The letters of all these wigged, pantalooned thinkers crisscrossed Europe and America in a transatlantic information network, a circulation of knowledge, a world wide web of  discussions and goings-ons. Theirs was a kind of separate state, a republic governed by it’s own laws, totally made up but representing a kind of ideal, a Platonic city for intellectuals, except that it stretched across cities and continents without borders. 200 years later, philosophers, literary scholars, scientists, physicists, historians, critics, artists. philosophers, anthropologists and mystery writers no longer have to exist in separate worlds. The centuries old map is being redrawn everywhere, from university campuses to trailer parks, from mommy bloggers to  journalists in Iran, to states previously sentenced  (by Ronald Reagan) to eternal ignorance save for a Walden books or an under funded library, to countries where books are burned while women are stoned. Digitizing books from research libraries, providing full-text searching and making books in the public domain available on the Internet at no cost to the viewer is full of all kinds of previously unthinkable possibilities.

The impressive and meticulously curated digital archives at the Bodleian Library kept me busy for hours. It includes an awesome collection of  letters, diaries and journals relating to William Godwin, Mary Wollstonecraft, Mary Wollstonecraft Shelley, Percy Bysshe Shelley, and their circle. Their online resource was developed to maximize the research potential of its unique and highly valuable content through detailed cataloguing, high-quality images and sophisticated search functionality. It allows users complete access to hundreds of thousands of high-resolution, full-colour images accompanied by well written, descriptive metadata, searchable text (with four-way optical character recognition), and specially commissioned scholarly essays that respond to a diverse selection of materials in the Collection. I was particularly interested in one of their intended future developments of the online resource which is said to include cross-linking of items in the Crimes, murders and executions section of the Collection to external resources available online.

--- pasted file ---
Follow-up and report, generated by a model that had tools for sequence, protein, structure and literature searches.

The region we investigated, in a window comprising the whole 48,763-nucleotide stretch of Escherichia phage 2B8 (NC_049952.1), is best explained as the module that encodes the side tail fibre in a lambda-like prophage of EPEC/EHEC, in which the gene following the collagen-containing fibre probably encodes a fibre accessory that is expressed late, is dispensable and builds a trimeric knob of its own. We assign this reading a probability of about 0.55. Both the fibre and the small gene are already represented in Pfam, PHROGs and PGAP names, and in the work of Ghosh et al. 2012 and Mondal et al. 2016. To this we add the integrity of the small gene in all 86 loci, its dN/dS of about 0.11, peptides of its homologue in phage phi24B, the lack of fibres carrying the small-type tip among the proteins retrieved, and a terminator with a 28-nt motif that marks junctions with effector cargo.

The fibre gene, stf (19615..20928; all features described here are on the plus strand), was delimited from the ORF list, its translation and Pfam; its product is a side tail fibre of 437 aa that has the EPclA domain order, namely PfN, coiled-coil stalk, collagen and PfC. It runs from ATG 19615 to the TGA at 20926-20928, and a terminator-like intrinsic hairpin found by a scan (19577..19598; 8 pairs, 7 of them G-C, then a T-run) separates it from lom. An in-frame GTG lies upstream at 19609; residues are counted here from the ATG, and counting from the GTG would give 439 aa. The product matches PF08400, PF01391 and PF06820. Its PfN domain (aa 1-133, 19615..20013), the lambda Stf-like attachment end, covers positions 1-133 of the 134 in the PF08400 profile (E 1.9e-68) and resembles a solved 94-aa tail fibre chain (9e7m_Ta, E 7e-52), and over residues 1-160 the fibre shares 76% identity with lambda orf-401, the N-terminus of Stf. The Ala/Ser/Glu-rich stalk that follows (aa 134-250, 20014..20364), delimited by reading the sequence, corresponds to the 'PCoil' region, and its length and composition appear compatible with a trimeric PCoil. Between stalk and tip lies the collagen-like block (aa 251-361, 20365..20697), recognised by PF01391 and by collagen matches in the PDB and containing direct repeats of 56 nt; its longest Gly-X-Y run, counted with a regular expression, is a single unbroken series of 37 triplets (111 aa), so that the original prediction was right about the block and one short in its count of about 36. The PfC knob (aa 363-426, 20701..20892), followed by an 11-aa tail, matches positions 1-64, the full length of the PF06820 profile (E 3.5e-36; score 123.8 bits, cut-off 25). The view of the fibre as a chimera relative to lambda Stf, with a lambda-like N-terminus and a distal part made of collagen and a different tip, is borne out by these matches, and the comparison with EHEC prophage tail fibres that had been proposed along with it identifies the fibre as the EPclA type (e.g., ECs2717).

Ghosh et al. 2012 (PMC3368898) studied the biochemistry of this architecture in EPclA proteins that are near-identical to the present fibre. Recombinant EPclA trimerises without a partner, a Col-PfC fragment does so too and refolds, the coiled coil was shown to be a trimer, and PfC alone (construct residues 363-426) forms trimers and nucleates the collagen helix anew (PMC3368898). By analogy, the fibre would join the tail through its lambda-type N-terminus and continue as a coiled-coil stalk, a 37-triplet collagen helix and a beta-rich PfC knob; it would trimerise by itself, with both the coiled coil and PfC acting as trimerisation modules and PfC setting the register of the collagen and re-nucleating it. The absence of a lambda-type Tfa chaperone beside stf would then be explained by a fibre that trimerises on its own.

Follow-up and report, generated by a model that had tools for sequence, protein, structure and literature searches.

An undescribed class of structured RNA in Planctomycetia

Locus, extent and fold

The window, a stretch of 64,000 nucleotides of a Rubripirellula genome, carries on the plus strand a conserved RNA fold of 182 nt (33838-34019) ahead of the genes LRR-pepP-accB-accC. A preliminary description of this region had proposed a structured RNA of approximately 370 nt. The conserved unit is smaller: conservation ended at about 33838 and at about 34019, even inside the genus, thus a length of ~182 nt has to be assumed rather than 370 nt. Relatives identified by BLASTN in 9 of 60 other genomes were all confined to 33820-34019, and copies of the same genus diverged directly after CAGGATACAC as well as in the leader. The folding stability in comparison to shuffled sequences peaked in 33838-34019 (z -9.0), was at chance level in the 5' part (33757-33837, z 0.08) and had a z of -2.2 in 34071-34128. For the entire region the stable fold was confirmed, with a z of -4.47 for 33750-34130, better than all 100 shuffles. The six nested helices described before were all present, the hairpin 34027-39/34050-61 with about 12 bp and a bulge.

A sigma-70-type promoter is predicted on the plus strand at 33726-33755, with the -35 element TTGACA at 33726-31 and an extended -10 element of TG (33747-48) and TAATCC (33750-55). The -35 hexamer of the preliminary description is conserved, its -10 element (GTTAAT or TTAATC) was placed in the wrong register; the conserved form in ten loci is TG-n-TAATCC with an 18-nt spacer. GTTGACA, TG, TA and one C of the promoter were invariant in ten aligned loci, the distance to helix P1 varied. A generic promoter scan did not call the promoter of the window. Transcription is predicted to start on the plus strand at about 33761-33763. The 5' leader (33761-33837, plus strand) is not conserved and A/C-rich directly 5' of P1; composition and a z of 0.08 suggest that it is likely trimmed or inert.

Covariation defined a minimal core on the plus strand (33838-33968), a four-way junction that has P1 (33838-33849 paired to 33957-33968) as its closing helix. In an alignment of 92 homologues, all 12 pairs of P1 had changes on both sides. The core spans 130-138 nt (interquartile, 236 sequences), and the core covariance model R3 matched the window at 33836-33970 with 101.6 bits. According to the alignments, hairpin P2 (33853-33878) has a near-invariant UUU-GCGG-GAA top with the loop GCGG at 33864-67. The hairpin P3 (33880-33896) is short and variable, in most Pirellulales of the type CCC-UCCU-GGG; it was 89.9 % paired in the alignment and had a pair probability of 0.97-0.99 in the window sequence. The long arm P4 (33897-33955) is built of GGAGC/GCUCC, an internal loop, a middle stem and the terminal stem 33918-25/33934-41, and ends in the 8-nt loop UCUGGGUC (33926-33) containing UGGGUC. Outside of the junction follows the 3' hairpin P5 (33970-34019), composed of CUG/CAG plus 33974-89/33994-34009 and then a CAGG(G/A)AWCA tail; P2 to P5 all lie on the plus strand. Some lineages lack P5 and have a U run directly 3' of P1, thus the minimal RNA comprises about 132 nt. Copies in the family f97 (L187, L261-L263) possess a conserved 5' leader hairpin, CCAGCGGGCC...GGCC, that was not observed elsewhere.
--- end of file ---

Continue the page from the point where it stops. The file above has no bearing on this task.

Just as letters emerged during the seventeenth century as a concept to describe the interaction between scholars across Europe and beyond,  grounded in a reality of close circles of interaction between intellectuals, which had always existed but which was now endowed with a renewed sense of collaboration and participation within this community without barriers of statehood or creed, the interwebs could move beyond the retardation of facebook and twitter and usher in some kind of  new enlightenment. The forces are ineluctable, inevitable as the obliteration of every telephone booth and telephone, but in an attempt to be less concupiscent and childishly nostalgic, let’s look on the bright side!! Perhaps it won’t destroy us after all, but save us all! Maybe the eighteenth-century Republic of Letters and the fucking internet will meet in the middle and morph into something like a new enlightenment (let’s not get carried away), by subordinating private interests to the public good, and by taking inspiration from the early republic in order to create a Digital Republic of Learning, accessible to anyone, anywhere who is interested, thanks to “open access” repositories of digitized articles available free of charge. You know, what Al Gore envisioned when he invented the internet in the first place.